One Beer Article You Need To Read And Why, 1/31/17

This does sound like a fun job.  You get to travel around the country and talk about and study the history of beer.  That history is important for two reasons.  One, it is interesting to see what brewers did in the past to make and market their beers.  Two, only through knowing and understanding the past can you confront the future.

I have read books on the history of brewing in Asheville, in Charlotte, and in North Carolina.  I took a lot of history classes in college.  I love studying history and all the minutia it contains.  The little random factoids that lead up to the major moments everyone knows about.  These are what I call horseshoe nails.  Richard III lost the kingdom and changed British and world history because his horse threw a shoe.  It is more complicated than that, but not really.  Seeing the decisions brewers made and how they had long term effects on the history of beer in this country is fascinating.

History is also our best guide as to what will happen in the future.  Humans have not changed that much throughout the course of history.  We still have the same basic wants and needs we had when we were hunter/gatherers and living in caves.  As things happen around you, understand they have happened before and they will probably happen again.  The difference between now and then is we have history to teach us how to react to these events.  If we study it.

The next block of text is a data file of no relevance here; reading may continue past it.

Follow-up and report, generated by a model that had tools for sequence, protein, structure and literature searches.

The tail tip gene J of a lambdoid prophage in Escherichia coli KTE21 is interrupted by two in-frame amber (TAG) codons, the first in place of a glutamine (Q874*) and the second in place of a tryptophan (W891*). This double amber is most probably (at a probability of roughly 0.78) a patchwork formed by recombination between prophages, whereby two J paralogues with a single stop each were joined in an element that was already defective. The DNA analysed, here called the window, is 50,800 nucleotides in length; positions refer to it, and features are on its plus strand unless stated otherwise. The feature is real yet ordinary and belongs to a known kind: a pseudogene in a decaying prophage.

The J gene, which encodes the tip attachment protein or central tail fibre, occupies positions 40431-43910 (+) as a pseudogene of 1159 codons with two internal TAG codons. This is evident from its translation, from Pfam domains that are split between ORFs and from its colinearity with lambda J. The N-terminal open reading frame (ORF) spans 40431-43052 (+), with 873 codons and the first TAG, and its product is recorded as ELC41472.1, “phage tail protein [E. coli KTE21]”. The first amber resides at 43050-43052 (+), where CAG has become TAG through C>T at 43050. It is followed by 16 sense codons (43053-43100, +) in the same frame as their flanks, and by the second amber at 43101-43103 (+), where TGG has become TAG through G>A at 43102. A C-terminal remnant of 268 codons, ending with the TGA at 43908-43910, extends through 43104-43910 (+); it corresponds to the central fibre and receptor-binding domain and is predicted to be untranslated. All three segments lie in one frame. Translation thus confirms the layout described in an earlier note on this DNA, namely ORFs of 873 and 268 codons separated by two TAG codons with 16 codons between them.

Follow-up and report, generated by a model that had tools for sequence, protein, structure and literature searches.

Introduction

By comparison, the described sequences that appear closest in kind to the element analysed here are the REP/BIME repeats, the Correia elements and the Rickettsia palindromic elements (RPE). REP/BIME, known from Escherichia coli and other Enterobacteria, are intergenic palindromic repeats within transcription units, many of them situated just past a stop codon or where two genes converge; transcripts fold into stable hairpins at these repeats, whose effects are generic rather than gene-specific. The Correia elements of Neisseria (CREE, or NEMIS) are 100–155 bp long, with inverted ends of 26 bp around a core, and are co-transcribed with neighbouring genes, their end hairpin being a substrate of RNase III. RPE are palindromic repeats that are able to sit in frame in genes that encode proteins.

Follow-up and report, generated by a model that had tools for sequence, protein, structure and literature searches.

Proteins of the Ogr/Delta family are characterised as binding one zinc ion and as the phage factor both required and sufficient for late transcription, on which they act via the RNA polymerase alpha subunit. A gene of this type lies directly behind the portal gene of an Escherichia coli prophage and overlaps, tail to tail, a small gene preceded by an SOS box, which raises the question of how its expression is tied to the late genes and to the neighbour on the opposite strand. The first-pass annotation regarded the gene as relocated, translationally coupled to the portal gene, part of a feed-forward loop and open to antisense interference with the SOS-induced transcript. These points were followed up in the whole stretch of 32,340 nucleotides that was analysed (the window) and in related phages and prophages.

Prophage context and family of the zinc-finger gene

What does history teach us? One, that American business has always been a dance between business people, consumers, and the government to find the way to produce, sell, and consume products that makes money for the business, satisfies the government’s need for taxes, and gets the consumer the product they want at a reasonable price.

It will also show how beer is an agricultural product that is still best enjoyed as a local product and that it has always been so.  Even with the technological advances in brewing and packaging, it is still better to get your beer as fresh as possible from the source.

Hopefully, we will also learn that brewers have not always been (and still aren’t) all white dudes with beards.  Throughout its early history, brewing was considered housework for women and slaves.  It was only at the point that brewing became a viable business did white men take over.  Pointing out history honestly isn’t attacking anyone.  It is the root of historical scholarship.

Studying history is often like following the ripples of a stone thrown in a pond.  Sometimes those ripples run into a larger rock or a wave and are extinguished quickly.  Sometimes those ripples move along the surface of the water and run into something that sends them back towards their source bigger and stronger.  Sometimes those ripples travel the length of the water affecting the surface longer than anyone could expect.

By studying the history of beer in this country we can watch the ripples from things that have nothing to do with beer and get a better understanding of how these things affect all parts of our lives.